Aviation Safety Bulletin, March 2017 Misrepresentation of Lasers used for Airport Wildlife Management
Airports or other institutions that are planning to purchase or trial laser devices marketed for wildlife dispersal should ensure that, prior to commissioning a laser device, its classification and specifications are independently validated by an accredited testing agency and that commensurate safety protocols are adopted.
Dave also chaired a working group discussion on a world action plan. Actions arising from this working group will be taken by the WBA to the ICAO conference in May 2017 including Australia’s proposal for a recommended practice on communicating wildlife threats between pilots, air traffic control and airport operators.
David will provide a comprehensive debrief at the next AAWHG meeting in Brisbane on Jan 31st. All are welcome to attend.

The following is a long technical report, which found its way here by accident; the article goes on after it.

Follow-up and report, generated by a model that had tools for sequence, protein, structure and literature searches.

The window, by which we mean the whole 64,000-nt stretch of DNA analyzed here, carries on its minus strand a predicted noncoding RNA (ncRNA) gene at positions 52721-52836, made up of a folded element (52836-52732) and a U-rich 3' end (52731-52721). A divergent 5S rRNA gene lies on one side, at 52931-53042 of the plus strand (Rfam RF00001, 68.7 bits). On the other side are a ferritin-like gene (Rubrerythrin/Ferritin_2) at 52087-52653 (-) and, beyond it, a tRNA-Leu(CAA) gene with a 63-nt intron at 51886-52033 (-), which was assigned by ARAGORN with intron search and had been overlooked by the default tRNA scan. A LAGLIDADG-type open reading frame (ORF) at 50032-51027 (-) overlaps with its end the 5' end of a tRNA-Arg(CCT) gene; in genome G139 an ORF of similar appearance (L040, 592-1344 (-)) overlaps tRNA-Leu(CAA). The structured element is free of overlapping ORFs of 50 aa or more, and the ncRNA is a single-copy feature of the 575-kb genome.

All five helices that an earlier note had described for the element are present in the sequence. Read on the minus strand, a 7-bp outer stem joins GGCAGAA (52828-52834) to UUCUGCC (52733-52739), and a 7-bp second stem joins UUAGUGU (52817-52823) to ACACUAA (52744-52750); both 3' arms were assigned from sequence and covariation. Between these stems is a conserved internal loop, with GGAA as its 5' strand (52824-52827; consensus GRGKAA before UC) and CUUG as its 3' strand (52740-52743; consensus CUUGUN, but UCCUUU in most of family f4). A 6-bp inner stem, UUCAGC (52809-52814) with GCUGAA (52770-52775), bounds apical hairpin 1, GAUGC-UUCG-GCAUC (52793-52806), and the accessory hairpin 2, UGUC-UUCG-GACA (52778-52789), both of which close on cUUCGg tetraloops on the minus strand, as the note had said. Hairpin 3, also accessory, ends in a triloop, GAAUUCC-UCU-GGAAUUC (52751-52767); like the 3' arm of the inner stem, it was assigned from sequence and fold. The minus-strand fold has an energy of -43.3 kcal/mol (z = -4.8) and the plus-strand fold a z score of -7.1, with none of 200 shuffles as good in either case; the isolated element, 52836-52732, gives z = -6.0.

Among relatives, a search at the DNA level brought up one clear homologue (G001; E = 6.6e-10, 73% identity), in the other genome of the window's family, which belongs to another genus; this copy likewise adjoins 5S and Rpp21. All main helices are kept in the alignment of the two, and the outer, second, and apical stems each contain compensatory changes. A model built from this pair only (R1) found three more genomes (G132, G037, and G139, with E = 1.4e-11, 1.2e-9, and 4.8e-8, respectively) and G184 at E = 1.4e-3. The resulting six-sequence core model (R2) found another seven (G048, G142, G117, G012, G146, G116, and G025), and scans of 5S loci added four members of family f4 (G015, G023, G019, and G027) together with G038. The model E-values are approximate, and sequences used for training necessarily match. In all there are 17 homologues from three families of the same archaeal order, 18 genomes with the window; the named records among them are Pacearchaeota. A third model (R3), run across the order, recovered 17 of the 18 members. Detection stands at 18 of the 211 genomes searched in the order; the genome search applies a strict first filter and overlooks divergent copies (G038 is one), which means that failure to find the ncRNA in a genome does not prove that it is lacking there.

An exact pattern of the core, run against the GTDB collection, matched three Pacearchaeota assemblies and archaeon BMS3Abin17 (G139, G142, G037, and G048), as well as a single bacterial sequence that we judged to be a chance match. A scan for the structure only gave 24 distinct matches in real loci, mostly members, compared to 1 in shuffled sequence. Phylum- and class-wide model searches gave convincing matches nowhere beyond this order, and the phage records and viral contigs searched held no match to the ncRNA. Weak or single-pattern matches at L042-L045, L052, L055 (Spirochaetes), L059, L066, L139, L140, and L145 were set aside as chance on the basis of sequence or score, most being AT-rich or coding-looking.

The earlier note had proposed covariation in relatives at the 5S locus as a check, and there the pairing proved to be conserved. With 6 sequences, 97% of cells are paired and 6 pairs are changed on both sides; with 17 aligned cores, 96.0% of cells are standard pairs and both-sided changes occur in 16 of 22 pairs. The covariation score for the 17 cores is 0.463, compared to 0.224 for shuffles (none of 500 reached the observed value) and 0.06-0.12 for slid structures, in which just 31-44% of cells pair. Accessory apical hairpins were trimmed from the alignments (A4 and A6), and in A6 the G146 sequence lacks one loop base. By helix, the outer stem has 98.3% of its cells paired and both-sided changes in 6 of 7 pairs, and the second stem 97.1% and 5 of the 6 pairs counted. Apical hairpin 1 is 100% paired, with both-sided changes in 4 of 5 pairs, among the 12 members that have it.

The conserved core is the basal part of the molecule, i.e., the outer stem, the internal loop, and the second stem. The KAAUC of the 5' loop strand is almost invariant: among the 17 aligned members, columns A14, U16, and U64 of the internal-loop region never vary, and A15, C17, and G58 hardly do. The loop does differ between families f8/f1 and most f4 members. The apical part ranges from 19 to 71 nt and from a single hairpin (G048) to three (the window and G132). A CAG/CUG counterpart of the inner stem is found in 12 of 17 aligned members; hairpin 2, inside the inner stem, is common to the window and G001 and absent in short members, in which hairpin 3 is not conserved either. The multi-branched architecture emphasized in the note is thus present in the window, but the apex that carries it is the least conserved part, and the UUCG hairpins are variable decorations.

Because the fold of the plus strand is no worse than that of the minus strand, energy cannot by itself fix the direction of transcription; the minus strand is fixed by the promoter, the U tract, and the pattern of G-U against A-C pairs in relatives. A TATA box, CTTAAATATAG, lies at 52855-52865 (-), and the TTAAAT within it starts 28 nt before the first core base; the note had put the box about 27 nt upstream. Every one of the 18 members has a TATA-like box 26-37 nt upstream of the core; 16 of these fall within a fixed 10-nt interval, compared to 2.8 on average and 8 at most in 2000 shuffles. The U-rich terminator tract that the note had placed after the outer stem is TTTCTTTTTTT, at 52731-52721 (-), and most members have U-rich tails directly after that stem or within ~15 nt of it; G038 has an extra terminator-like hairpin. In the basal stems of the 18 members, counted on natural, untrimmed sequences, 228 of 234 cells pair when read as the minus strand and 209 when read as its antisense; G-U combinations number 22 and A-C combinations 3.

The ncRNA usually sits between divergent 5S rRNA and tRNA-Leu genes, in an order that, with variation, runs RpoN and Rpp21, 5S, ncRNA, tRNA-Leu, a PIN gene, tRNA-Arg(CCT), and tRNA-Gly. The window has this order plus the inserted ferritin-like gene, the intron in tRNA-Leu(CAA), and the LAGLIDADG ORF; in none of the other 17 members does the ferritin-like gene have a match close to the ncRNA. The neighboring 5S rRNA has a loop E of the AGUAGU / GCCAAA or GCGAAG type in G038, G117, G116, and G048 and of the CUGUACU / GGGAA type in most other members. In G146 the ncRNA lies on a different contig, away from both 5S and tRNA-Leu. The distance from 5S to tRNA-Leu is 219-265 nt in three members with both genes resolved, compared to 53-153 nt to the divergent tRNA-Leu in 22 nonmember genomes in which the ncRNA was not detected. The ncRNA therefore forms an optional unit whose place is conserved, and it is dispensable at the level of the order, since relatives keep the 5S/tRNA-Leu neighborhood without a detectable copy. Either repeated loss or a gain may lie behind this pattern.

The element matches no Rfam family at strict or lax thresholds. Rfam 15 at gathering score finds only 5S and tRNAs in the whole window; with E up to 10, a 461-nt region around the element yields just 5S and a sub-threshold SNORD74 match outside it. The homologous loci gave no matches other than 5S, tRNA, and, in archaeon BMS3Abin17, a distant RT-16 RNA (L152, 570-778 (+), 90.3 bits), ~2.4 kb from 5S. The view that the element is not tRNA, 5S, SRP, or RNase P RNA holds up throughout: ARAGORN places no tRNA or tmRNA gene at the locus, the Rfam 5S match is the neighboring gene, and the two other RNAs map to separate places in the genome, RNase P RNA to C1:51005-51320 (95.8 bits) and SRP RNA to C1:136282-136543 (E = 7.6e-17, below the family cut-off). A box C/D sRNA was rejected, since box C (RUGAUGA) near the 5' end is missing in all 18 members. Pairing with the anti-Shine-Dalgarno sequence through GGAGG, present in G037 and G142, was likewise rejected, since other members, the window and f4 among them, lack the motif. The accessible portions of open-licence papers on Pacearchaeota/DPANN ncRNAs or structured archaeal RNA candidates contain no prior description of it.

Australian aviation wildlife strike statistics: 2006 - 2015
Occurrences involving aircraft striking wildlife, particularly birds, are the most common aviation occurrence reported to the Australian Transport Safety Bureau (ATSB). Strikes with birds continue to be a potential safety risk and present a significant economic risk for aerodrome and airline operators. The aim of the ATSB’s statistical report series is to provide information back to pilots, aerodrome and airline operators, regulators, and other aviation industry participants to assist them with managing the risks associated with bird and animal strikes. This report updates the last edition published in 2014 with data from 2014 – 2015.